How wealth firms can attract UK entrepreneurs - Interview with Christian Fringhian, Partner

Wealth Managers - English - 23.09.2015
The key to attracting the UK’s entrepreneurial class will be for new players to successfully combine wealth management with corporate advisory.

 

This is the view of Christian Fringhian, a partner at Reyl & Cie, who believes the time is ripe for non-investment banks to enter this space and attract cross-border entrepreneurs.

 

Swiss bank Reyl & Cie opened its doors in London in 2013 and offers wealth management, corporate advisory and asset management.

 

‘Reyl is finding the London environment a very exciting one to develop this new business model,’ Fringhian explained.

 

‘Investment banks right now are having difficulty integrating their investment banking teams with wealth management. You have a lack of trust and different cultures. One day they will figure it out but until then, this is exactly the niche we want to be in: to be able to get close to cross-border entrepreneurs, to advise them on their wealth and their companies,’ he said.

 

Fringhian has observed a significant opportunity for Reyl because most investment banks are finding deals between £20-£200 million too small to take on, while commercial banks are lending much less to small and medium-sized businesses.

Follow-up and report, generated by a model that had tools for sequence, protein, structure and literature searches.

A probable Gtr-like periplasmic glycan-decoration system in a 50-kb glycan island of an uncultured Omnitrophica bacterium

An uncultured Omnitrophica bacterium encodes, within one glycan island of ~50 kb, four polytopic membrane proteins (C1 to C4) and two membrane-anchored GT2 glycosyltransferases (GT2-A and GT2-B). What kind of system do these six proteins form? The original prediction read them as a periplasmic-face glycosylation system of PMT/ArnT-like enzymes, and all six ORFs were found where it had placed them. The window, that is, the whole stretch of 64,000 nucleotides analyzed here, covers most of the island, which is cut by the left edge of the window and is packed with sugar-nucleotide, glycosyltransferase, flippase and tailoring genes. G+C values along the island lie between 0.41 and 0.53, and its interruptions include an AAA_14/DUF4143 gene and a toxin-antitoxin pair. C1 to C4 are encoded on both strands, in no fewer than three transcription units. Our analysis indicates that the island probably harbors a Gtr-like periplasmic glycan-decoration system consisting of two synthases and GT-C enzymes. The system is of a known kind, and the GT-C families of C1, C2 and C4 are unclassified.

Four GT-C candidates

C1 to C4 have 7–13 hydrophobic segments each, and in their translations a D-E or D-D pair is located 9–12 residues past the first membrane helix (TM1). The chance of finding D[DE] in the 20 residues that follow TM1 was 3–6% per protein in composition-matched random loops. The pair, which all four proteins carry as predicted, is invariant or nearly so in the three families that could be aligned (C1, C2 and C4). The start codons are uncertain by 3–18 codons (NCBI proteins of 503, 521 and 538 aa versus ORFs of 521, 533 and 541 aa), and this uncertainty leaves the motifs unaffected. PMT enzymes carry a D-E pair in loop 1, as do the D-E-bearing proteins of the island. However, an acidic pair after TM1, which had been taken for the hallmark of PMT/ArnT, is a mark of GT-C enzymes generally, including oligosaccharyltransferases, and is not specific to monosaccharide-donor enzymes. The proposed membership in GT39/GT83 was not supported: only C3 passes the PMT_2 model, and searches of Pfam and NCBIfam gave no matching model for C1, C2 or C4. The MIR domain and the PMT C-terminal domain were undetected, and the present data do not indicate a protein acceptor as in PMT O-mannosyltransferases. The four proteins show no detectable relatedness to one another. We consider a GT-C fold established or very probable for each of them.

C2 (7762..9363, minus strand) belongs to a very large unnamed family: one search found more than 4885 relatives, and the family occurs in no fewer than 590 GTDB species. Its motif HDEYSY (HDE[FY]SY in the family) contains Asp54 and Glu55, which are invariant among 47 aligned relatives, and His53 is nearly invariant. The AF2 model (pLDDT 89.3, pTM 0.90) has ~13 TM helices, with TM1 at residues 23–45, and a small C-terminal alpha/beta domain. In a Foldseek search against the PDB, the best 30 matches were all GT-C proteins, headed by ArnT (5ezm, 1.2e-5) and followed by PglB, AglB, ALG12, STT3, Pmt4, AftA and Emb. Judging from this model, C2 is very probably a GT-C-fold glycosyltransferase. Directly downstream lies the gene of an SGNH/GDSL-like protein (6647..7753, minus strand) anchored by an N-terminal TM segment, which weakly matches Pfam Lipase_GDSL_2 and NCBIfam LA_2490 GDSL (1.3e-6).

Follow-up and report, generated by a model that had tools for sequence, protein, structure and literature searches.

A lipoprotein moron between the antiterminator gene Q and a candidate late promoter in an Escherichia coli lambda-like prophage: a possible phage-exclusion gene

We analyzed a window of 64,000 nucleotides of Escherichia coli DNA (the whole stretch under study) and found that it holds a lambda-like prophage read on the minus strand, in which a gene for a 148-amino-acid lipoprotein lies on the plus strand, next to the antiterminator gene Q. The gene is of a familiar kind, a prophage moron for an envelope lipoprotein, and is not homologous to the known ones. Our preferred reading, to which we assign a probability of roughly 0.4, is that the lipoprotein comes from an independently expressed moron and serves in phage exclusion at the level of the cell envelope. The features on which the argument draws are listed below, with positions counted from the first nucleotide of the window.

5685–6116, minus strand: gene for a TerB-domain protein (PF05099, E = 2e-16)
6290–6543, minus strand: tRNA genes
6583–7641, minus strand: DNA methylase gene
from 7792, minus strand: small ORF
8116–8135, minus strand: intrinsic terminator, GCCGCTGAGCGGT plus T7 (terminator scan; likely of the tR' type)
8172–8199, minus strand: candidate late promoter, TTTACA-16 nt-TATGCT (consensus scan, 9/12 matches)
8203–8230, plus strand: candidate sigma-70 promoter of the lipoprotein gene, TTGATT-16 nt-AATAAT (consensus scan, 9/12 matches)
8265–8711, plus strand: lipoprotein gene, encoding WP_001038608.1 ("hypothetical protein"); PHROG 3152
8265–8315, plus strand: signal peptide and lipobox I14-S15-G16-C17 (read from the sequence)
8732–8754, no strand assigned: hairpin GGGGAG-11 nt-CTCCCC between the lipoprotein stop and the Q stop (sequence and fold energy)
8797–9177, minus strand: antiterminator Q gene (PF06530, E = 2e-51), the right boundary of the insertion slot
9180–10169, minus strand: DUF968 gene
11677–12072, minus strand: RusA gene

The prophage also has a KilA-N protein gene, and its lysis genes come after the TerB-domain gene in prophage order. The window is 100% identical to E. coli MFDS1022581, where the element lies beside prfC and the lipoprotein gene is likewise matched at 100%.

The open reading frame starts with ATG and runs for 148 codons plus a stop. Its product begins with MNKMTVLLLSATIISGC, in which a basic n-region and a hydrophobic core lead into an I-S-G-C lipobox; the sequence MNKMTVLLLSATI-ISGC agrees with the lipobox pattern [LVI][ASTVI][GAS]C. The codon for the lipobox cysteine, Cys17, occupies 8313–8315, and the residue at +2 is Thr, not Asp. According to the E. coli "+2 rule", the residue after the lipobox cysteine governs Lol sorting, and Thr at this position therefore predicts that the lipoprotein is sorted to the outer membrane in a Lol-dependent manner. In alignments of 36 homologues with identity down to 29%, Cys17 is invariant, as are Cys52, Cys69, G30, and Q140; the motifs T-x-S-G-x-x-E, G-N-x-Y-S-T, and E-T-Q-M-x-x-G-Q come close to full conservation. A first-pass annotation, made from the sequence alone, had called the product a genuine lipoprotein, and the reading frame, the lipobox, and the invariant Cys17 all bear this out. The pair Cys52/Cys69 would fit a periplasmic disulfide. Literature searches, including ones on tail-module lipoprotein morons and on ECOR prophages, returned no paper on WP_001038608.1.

‘Helping entrepreneurs to reach out for new lenders by helping them to build a case and present their business plan, is somewhat shaping the nature of the industry. As a wealth manager, it is going to be difficult to concentrate only on wealth management products,’ he said. 

 

Other private banks are beginning to integrate corporate advisory with their wealth management proposition and Fringhian expects this type of offering to become more mainstream over the coming years. Reyl is expanding its presence in the UK and will continue to hire.

 

Currently the London office has a five-strong team, which the firm will look to add to. Fringhian believes it is essential for new recruits to have investment banking backgrounds.

 

‘We will continue to expand, especially on corporate advisory,’ he said. ‘We want to continue to hire experienced professionals who share the same work ethic as we have and can help us improve the number of transactions that we can work on. We want to make sure we are properly equipped in order to meet the demand.’

 

Outside the UK, the private bank has expanded both its offering and its geographical presence. It recently opened offices in Malta and Santa Barbara and is due to launch in Dubai soon. 


This will help it to take advantage of cross-border entrepreneurs setting up in the United Arab Emirates.

‘Cross-border entrepreneurs are the individuals who are going to create wealth through their companies. These companies are being created in emerging markets and this is why we have now opened an office in Dubai,’ Fringhian said.


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